The US is to supply more than 10,600 tonnes of biofuel oil to Vietnam, with more than 20,000 tons of biofuel oil already produced in Vietnam and two others on the market, the State Department said on Wednesday.

The biofuel will be made from rice, sorghum and other staple crops, the department said in a statement.

“Vietnam is committed to producing biofuricans and other biofuilative products that can be used to provide more than just fuel for the nation’s energy needs, and we look forward to working closely with our Vietnam and Vietnam-based partners to advance this important industry in the country,” said Samantha Powers, assistant secretary of state for East Asian and Pacific affairs.

“We are proud to have Vietnam join the growing number of nations that have committed to working with us to make biofuenergies more affordable and accessible to the public, and more environmentally responsible.”

The biofuer is a combination of rice and sorghums, which produce biofuefree biofuelling fuel and are widely used in Vietnam, where the country produces some of the world’s largest crops such as sorghu and sesame.

But the biofuel is made from crop staples like rice, soybeans and wheat.

About 4.7 million tonnes of rice have been grown in Vietnam in the past decade, and about 1.6 million tonnes in the last five years.

The government is planning to export the biofuers to Vietnam.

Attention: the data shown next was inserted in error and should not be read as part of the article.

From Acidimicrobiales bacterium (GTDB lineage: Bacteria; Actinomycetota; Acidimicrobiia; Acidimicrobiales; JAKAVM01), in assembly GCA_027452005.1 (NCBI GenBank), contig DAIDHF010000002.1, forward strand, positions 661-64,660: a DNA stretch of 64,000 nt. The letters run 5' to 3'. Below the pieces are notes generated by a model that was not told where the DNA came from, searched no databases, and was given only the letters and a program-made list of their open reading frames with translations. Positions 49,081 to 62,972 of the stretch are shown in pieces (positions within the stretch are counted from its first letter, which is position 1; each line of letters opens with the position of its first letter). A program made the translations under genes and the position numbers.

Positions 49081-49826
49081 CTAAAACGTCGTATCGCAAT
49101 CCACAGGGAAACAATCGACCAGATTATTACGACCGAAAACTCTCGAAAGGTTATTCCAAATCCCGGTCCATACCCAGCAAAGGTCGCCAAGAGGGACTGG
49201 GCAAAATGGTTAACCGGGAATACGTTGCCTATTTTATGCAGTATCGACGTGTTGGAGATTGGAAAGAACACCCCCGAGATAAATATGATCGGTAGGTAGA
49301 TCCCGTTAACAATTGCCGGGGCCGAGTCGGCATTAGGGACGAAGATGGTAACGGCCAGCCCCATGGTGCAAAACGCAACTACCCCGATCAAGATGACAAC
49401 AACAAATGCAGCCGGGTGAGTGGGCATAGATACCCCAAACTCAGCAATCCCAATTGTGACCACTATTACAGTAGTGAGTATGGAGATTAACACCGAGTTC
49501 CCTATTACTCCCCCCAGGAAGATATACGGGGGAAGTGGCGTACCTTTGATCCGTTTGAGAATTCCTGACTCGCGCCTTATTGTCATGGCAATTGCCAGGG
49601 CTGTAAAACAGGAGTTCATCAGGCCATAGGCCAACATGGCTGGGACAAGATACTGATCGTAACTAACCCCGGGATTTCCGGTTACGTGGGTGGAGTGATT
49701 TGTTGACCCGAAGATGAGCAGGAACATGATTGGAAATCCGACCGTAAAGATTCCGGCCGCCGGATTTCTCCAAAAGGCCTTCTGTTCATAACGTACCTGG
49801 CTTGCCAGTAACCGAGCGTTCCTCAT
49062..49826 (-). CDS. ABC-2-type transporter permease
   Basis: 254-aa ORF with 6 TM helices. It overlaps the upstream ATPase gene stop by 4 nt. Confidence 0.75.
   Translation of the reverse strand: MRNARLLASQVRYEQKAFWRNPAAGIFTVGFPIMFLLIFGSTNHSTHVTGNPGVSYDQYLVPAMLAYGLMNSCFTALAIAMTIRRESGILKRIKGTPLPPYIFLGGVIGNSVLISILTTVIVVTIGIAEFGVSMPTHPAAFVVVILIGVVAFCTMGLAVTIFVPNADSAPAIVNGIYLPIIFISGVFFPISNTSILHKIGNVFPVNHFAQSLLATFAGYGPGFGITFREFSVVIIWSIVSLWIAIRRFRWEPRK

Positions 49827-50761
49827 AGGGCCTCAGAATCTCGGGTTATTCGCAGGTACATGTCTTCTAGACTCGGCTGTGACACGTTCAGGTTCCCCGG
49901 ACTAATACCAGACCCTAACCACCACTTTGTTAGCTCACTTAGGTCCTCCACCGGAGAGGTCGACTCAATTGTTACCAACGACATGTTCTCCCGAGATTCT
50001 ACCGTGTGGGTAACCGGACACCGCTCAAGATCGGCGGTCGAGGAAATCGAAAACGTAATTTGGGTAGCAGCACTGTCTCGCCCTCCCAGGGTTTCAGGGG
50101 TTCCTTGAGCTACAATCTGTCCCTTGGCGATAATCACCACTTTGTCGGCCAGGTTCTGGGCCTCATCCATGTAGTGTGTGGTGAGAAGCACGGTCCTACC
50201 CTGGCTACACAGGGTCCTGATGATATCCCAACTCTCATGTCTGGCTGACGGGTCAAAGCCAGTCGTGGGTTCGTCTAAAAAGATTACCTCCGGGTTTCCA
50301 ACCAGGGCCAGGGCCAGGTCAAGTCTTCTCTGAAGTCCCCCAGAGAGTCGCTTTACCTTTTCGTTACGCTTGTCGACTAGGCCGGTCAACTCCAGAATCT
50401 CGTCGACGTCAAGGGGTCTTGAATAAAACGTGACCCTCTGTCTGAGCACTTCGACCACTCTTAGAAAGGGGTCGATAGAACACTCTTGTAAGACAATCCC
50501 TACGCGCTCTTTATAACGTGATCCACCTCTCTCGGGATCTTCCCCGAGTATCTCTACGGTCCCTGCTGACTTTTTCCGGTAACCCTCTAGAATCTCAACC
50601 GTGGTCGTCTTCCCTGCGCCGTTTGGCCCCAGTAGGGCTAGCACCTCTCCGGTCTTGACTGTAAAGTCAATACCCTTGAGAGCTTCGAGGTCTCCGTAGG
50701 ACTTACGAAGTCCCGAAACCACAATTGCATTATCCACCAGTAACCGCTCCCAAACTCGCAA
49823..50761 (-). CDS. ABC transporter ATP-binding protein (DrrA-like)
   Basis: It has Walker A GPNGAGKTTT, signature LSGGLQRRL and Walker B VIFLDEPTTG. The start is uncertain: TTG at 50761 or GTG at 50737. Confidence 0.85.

The US government has invested $30 million in the bioenergy sector, and the bioequivalent is expected to be made in Vietnam within a year, the statement said.

The department is also working with Vietnam’s national security adviser on a $1.3 billion plan to help Vietnam meet its ambitious goal of producing a quarter of its food needs by 2020 from bioenergy and other renewable resources, it said.

“As the US remains a leading global player in the sector, we look for further collaboration between the US and Vietnam to further advance the development of bioenergy as a global fuel and biofuel alternative to fossil fuels,” Powers said.

US stocks are under pressure amid fears of a recession and uncertainty over the US recovery from the financial crisis.

The S&P 500 index of stocks fell 0.6% to 3,086.68, while the Dow Jones Industrial Average fell 10.2 points, or 0.7%, to 21,913.08.

The Nasdaq composite index of companies, which include tech companies, fell 2.6%.